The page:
If you thought the Republican Party only tries to appeal to well-off, married, white suburban and rural Christian men, boy are you wrong. The Republican Party tried to appeal only to well-off, white, suburban and rural able-bodied Christian men.
The party further narrowed its ever-narrowing base on Tuesday when 38 senators voted to reject the United Nations Convention of the Rights of Persons With Disabilities. Former Sen. Bob Dole, who lost the use of his right arm in World War II, appeared on the Senate floor in a wheelchair, to shame his fellow Republicans into voting “aye.” It was like the scene from The Godfather Part II, when Frankie Pentangeli’s brother appears in a Senate committee room to shame Frankie from breaking the code of omerta and testifying against Michael Corleone.
In this case, though, it didn’t work. The Senate Republicans were shameless. They didn’t listen to Dole or to President George H.W. Bush, another World War II veteran who signed the Americans With Disabilities Act, on which the U.N. Convention was based. Instead, they listened to former Sen. Rick Santorum, who traveled to Washington to warn that the Convention could interfere with the right of parents to home school disabled children. Santorum, whose daughter is disabled, said the treaty would be a “direct assault on us and our family” because it would allow the government to separate disabled children from their parents. But as Dana Milbank wrote in the Washington Post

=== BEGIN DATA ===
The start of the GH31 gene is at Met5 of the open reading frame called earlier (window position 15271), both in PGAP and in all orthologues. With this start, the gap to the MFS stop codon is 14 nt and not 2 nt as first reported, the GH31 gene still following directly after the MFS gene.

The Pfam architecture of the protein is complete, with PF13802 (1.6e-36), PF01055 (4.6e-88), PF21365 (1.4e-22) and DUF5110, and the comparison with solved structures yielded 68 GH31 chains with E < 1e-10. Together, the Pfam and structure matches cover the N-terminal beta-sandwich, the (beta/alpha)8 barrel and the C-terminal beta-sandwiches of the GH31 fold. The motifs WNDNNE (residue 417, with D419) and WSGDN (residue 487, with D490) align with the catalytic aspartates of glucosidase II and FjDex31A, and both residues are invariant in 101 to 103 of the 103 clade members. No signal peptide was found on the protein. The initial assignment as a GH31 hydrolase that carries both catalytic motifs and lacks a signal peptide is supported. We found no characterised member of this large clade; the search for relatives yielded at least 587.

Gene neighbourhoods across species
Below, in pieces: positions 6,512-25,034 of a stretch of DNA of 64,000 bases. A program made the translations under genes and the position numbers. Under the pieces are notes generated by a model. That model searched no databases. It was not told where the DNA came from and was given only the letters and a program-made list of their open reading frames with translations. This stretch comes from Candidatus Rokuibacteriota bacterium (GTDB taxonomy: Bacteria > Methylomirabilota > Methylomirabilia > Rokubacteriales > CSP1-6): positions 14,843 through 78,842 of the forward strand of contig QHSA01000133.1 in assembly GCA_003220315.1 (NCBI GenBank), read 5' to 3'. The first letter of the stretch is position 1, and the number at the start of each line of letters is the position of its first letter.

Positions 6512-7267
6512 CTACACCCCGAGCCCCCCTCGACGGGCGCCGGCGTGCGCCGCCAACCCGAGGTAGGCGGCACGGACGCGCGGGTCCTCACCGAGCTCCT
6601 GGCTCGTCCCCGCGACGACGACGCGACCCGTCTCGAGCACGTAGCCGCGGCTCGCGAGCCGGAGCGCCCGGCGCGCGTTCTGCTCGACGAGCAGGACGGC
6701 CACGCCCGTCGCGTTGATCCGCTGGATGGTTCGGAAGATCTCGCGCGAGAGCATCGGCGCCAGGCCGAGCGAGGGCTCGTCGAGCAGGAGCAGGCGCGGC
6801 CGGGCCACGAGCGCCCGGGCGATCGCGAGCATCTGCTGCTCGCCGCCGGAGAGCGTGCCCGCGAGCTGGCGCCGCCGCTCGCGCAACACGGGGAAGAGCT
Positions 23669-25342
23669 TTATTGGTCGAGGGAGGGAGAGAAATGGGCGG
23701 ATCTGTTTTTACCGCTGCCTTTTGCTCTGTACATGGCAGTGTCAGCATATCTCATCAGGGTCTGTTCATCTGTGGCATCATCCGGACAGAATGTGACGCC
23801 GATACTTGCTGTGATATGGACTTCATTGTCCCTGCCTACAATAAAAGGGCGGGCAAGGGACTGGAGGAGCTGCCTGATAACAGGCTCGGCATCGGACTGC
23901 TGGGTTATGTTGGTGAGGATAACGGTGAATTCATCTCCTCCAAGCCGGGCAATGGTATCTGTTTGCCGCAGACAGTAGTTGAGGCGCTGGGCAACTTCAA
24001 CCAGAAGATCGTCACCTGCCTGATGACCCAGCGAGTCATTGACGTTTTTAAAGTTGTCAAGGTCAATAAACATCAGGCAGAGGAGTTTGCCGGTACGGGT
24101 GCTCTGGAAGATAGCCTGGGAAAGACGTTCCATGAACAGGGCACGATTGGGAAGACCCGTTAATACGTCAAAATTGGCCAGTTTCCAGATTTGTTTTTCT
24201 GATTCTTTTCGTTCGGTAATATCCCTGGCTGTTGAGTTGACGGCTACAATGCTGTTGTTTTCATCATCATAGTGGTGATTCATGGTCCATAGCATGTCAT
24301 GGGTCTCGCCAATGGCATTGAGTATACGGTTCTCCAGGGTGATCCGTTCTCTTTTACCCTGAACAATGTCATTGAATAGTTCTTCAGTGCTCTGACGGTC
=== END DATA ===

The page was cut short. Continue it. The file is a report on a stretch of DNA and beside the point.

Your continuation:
The treaty requires virtually nothing of the United States. It essentially directs the other signatories to update their laws so that they more closely match the Americans with Disabilities Act. Even Lee thought it necessary to preface his opposition with the qualifier that “our concerns with this convention have nothing to do with any lack of concern for the rights of persons with disabilities.”
Their concerns, rather, came from the dark world of U.N. conspiracy theories. The opponents argue that the treaty, like most everything the United Nations does, undermines American sovereignty — in this case via a plot to keep Americans from home-schooling their children and making other decisions about their well-being.
So Tea Party paranoia triumphed over reaching out to a marginalized group. That dynamic pretty much defines the contemporary Republican Party.
Dick Durbin voted yes on the Convention. Mark Kirk -- the senator who would have benefited most from ratification -- was the only senator who did not vote. He’s still recovering from the stroke he suffered in January.